• Gen. Dennis Via, USA, commander, Army Materiel Command, discusses the worldwide threat and the need for cybersecurity at TechNet Augusta.
     Gen. Dennis Via, USA, commander, Army Materiel Command, discusses the worldwide threat and the need for cybersecurity at TechNet Augusta.

Supporting Readiness Worldwide

August 4, 2016
By George I. Seffers
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U.S. Army enhances pre-positioned stocks around the world.

The Army Materiel Command (AMC) is modernizing and deploying pre-positioned stocks in Europe, Africa and Asia Pacific to ensure the service can rapidly and effectively respond to threats as they occur. Those so-called activity sets include the latest in communications and intelligence, surveillance and reconnaissance (ISR) equipment.

In Europe, for example, the Army decided to make changes to its pre-positioned stockpile of equipment following Russia’s annexation of Crimea. The existing activity set in Germany was upgraded from a battalion-sized equipment package to a brigade set for use by the First Cavalry Division, Gen. Dennis Via, AMC commander, told the audience at the AFCEA TechNet Augusta conference taking place in Augusta, Georgia. Now, the service is establishing a second armored brigade activity set, which includes fires, engineer, sustainment, aviation, communication and ISR assets so that if we do need to respond quickly, our forces can do so,” the general said.

In all, the service is establishing eight activity sets around the world over the next few years, he added. Those sets enable U.S. forces and partner nations “to participate in multinational training exercises and contingency operations with increased responsiveness and decreased performance timelines,” he explained.

“We’re also in the process of establishing activity sets in the Pacific realm, similar to those in Europe, however, tailored to the area of operation and the mission that U.S. PACOM conducts,” he said, connecting the increased support activity to the continuing pivot toward the Pacific region.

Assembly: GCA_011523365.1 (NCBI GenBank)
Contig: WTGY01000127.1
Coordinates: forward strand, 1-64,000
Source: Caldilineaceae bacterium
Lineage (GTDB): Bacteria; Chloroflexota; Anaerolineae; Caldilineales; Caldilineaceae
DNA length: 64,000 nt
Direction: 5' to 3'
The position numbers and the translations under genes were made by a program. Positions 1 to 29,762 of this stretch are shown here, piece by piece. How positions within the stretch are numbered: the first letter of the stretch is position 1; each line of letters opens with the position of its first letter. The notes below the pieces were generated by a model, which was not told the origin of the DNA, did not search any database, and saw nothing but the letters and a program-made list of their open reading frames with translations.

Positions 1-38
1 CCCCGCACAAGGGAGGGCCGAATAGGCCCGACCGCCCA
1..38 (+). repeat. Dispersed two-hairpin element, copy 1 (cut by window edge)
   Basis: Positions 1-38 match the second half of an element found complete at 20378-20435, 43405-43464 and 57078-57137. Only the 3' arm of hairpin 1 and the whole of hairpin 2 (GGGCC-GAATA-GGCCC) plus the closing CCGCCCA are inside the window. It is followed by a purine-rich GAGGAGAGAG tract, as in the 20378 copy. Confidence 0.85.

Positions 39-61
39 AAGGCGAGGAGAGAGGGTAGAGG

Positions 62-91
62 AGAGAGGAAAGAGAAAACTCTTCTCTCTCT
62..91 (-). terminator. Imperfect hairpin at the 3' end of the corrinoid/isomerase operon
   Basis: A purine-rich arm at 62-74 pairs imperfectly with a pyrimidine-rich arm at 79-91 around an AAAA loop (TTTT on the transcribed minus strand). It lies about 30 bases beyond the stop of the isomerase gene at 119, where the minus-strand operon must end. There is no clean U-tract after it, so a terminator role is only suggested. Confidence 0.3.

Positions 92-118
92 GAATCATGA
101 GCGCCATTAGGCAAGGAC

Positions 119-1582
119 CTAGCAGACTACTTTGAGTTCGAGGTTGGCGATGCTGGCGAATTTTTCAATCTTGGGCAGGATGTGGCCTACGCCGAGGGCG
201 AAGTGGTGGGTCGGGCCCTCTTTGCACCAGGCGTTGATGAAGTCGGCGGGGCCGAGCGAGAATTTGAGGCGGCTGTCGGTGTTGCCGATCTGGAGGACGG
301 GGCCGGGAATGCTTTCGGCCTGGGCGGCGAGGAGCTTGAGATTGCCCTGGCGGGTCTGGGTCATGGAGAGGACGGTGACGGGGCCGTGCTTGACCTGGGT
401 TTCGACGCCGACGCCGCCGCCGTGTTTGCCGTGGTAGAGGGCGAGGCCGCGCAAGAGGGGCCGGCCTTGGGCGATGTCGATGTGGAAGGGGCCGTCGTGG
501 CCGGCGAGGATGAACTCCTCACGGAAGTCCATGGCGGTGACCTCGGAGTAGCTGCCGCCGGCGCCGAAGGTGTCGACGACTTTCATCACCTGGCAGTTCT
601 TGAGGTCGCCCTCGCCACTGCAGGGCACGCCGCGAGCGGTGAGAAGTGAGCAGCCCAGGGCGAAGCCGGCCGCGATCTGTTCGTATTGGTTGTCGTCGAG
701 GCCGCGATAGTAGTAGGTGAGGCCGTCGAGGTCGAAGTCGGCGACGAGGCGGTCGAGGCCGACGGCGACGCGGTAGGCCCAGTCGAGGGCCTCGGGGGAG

The AMC also is supporting the Army Field Support Battalion-Africa, which “receives, maintains, stores and issues Army pre-positioned stocks,” he said.

Additionally, the Materiel Command continues to support Army forces in Afghanistan.

Gen. Via addressed the conference from a unique perspective: a four-star signal officer, a rarity in the Army. As such, Gen. Via understands the importance of cybersecurity to the AMC mission. “From my perspective, it’s unmistakable that the cybersecurity of our logistics, maintenance, manufacturing and enterprise resource planning systems are essential, in fact critical, to the overall readiness of our Army and the joint force,” he said. “Our access and use of networks and information technologies are critical enablers for virtually all levels of logistics as our military is called upon to confront current and evolving threats around the world.”

The command’s mission, of course, relies on networks, information technology and data. “We’re constantly assessing our vulnerabilities. We have to ensure the logistics data we provide to commanders is accurate for forecasting and delivering resources,” he offered.

The general laid out the various threats around the world, including Russia, China, North Korea and terrorist groups such as ISIL. And he suggested the AMC’s high activity level illustrates the dangers. “We’re busier now than at any time since I’ve been in command,” adding that he has commanded AMC for four years and was the deputy commander for about 16 months before that. “When I deputy commander, we were supporting two wars. But we’re busier today than at any time since I’ve been in command, and that just tells you what’s taking place around the world.”

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